The surprising hero from the new 'Borat' movie just had her life changed by generous strangers

Ever wonder what happened to the real people who appeared in a fake documentary? They don't always have to cope with the aftermath of public humilation.

Jeanise Jones was told she would be participating in a documentary about child brides and women's rights. What she actually ended up appearing in was "Borat Subsequent Moviefilm," the sequel to 2006's Borat. Now, a GoFundMe for the Oklahoma grandmother set up by her pastor has raised over $130,000 after Jones told Variety she was only paid $3,600 for her appearance.

If you don't remember Jones, she was the woman tasked with babysitting Borat's daughter, Tutar, while Borat (played by Sacha Baron Cohen) attempted to make money for his daughter's plastic surgery.

"I can't say it was fair because they knew it was going to be a movie, and I didn't. I just thought I was doing a documentary about how we do things in America. But I blame myself for not reading when I signed those papers," Jones told Variety. The GoFundMe was set up after Jones lost her job of 32 years due to the pandemic.


It's not surprising so many people donated to Jones after her revelation. Her advice to the 15-year-old Tutar (played by the 24-year-old Bulgarian actress Maria Bakalova) made Jones the voice of reason, shutting down the sexism in a no-nonsense manner. At one point, Jones told Tutar to "'use your brain, because your daddy is a liar." Even though Jones doesn't remember saying it, but stands by it. "He was a liar. It was a lie when he said that women can't do this, girls can't do that. He said women and girl's brain size are no bigger than a squirrel's," Jones told Variety.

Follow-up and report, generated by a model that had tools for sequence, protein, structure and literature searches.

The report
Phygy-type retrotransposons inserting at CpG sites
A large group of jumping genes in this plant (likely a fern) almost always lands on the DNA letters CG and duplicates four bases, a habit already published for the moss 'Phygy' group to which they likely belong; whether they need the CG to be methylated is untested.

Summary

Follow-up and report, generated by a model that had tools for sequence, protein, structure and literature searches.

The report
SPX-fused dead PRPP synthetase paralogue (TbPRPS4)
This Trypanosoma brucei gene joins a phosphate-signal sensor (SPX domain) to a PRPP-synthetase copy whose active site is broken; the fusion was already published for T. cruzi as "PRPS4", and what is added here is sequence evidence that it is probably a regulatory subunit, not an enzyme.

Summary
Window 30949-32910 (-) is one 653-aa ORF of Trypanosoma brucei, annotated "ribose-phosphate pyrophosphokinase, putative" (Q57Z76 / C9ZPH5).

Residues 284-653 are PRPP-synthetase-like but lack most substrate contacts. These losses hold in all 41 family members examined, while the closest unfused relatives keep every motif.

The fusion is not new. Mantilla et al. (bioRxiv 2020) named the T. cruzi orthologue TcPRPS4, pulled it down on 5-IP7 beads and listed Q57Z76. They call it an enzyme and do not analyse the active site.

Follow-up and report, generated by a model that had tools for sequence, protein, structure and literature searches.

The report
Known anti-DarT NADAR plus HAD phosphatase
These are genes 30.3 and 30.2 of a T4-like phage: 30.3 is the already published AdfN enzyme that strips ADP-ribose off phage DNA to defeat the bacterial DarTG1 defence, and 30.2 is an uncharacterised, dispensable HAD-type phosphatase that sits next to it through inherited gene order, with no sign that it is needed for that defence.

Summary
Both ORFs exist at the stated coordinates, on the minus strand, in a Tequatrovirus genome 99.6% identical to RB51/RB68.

Jones said she was just trying to do the right thing. "My patience comes from God. I used to not have any patience at all. But in that kind of situation, you can't help but have patience because you're trying to help somebody — at least, that's what I thought. I was trying to give the best advice I know. And as a young lady, you don't need all the features that she said her dad wanted her to do. There was nothing wrong with her. I was trying to let her know that she was pretty," Jones told Variety.

Jones admitted she was worried about Tutar for a year, but now she's glad she doesn't have to worry. "As far as her, I would give her a hug," Jones told Varity when asked what she would say to Bakalova. "I'm glad to know she's not really in that situation. I hate to hear of anyone in that situation."

Jones found out about her appearance in October when a friend told her about it. She said she hasn't seen the movie yet, but plans to.

While Borat, and much of Baron Cohen's humor is cringe-worthy, Jones was kind of a nice reminder that not everyone in this world is bonkers.

Photo by Louis Hansel on Unsplash
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This story was originally shared on Capital One.

Inside the walls of her kitchen at her childhood home in Guatemala, Evelyn Klohr, the founder of a Washington, D.C.-area bakery called Kakeshionista, was taught a lesson that remains central to her business operations today.

"Baking cakes gave me the confidence to believe in my own brand and now I put my heart into giving my customers something they'll enjoy eating," Klohr said.